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Vermont Entity Receives $300,000 USDA Urban Agriculture Grant to Support New Americans

COLCHESTER, August 26, 2020 –The U.S. Department of Agriculture announced the selection of recipients for approximately $4.1 million in grants and cooperative agreements through its new Office of Urban Agriculture and Innovative Production. These are the first-ever recipients of these grants and cooperative agreements, which will enhance urban agriculture efforts in Vermont and across the country.  

 The Association of Africans Living in Vermont (AALV) received $300,000 for their project titled, New Farms for New Americans: Improving Lands, Improving Lives. They were one of ten recipients selected from 500 applicants through the national competitive grant program.

The effort will provide 80 garden plots to approximately 70 households on five acres of leased land to support food production and community building for New Americans. The project will build upon the existing garden infrastructure to improve local food access, offer a 48-week agriculture program for refugee farmers focusing on food systems and nutrition, and a leadership/mentorship program in partnership with the Vermont Community Garden Network. Over 250 people of multiple ages, seven languages and five ethnic groups will be reached.

New Farms for New Americans Project Coordinator Alisha Laramee said, “We are thrilled to receive this incredibly important and timely grant. I feel so lucky to have the opportunity to work with this next generation of Vermonters.”

The effort will focus on four areas including:

  • Building upon and implementing an advanced garden curriculum, to include emphasis on educating farmers on Vermont-specific issues such as soil structure, climate adaptation, pests and diseases.
  • Implementing a farmer-to-farmer mentor program to initiate a process to create community empowerment and autonomy by facilitating a leadership program.
  • Strengthening involvement in the broader food systems by providing education on available resources and participation guidelines for access.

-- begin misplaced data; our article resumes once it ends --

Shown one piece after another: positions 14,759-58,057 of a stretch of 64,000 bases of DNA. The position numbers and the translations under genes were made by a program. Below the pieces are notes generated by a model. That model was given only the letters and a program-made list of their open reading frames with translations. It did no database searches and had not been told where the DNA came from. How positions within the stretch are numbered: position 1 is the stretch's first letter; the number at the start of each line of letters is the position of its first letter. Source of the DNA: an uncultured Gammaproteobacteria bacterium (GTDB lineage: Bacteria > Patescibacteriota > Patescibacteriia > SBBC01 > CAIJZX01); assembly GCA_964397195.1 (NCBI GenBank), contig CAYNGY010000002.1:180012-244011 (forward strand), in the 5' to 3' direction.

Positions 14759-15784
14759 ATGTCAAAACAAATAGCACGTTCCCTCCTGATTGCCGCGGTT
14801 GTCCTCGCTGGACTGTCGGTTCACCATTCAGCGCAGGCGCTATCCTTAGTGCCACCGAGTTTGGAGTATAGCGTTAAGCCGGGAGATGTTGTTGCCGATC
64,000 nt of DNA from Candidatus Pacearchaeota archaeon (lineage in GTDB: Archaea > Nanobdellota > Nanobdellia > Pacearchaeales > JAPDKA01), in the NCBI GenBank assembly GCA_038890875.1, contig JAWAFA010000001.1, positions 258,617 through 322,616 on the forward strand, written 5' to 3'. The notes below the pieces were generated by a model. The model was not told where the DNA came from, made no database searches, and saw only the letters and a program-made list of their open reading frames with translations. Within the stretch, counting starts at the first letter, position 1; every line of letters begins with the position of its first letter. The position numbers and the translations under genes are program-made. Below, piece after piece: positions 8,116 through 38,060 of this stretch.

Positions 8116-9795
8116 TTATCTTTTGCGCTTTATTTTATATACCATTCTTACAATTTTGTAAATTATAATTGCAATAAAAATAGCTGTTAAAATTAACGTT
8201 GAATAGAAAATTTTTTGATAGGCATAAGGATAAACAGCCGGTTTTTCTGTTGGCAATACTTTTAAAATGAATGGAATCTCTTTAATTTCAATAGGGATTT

• Building nutrition education in response to an increase in refugee-specific health issues (diabetes, high blood pressure, obesity) as a result of a change in lifestyles and acculturation by implementing nutrition education that is inclusive of traditional diets.

Laramee added, “The knowledge of these farmers is so impressive and a program like this helps to connect them to soils, crops and climates that are new to them. We want to make the most of their skills and deepen their participation in Vermont’s agricultural food system.” She noted that before being resettled in Vermont as refugees, New Farms for New American participants were forced to flee their farms, livestock, homes and farmland. “Many were subsistence farmers who knew how to feed their families year-round. With the help of this grant, New Farms for New Americans and AALV will help participants to make the most of their existing skills, build new knowledge and support their farming-specific goals while adding so much to Vermont’s working landscapes.”

USDA’s Urban Agriculture and Innovative Production (UAIP) Competitive Grants Program supports a wide range of activities and is spearheaded by the Office of Urban Agriculture and Innovative Production, led by the USDA-Natura Resources Conservation Service (NRCS). Grant program activities include operating community gardens and nonprofit farms, increasing food production and access in economically distressed communities, providing job training and education, and developing business plans and zoning. Priority was given to projects located in or targeting an Opportunity Zone, which is a census tract designation for low-income communities.

“USDA supports and strengthens all types of agriculture, including the work being done by urban farmers and community gardeners,” said Vicky Drew, State Conservationist for USDA-NRCS in Vermont. “I look forward to watching the evolution of New Farms for New Americans which will assist these farmers in deepening their knowledge of Vermont’s growing seasons, soils, and best management practices.”

A complete list of grant and cooperative agreement recipients and project summaries can be viewed at

USDA is an equal opportunity employer, provider, and lender.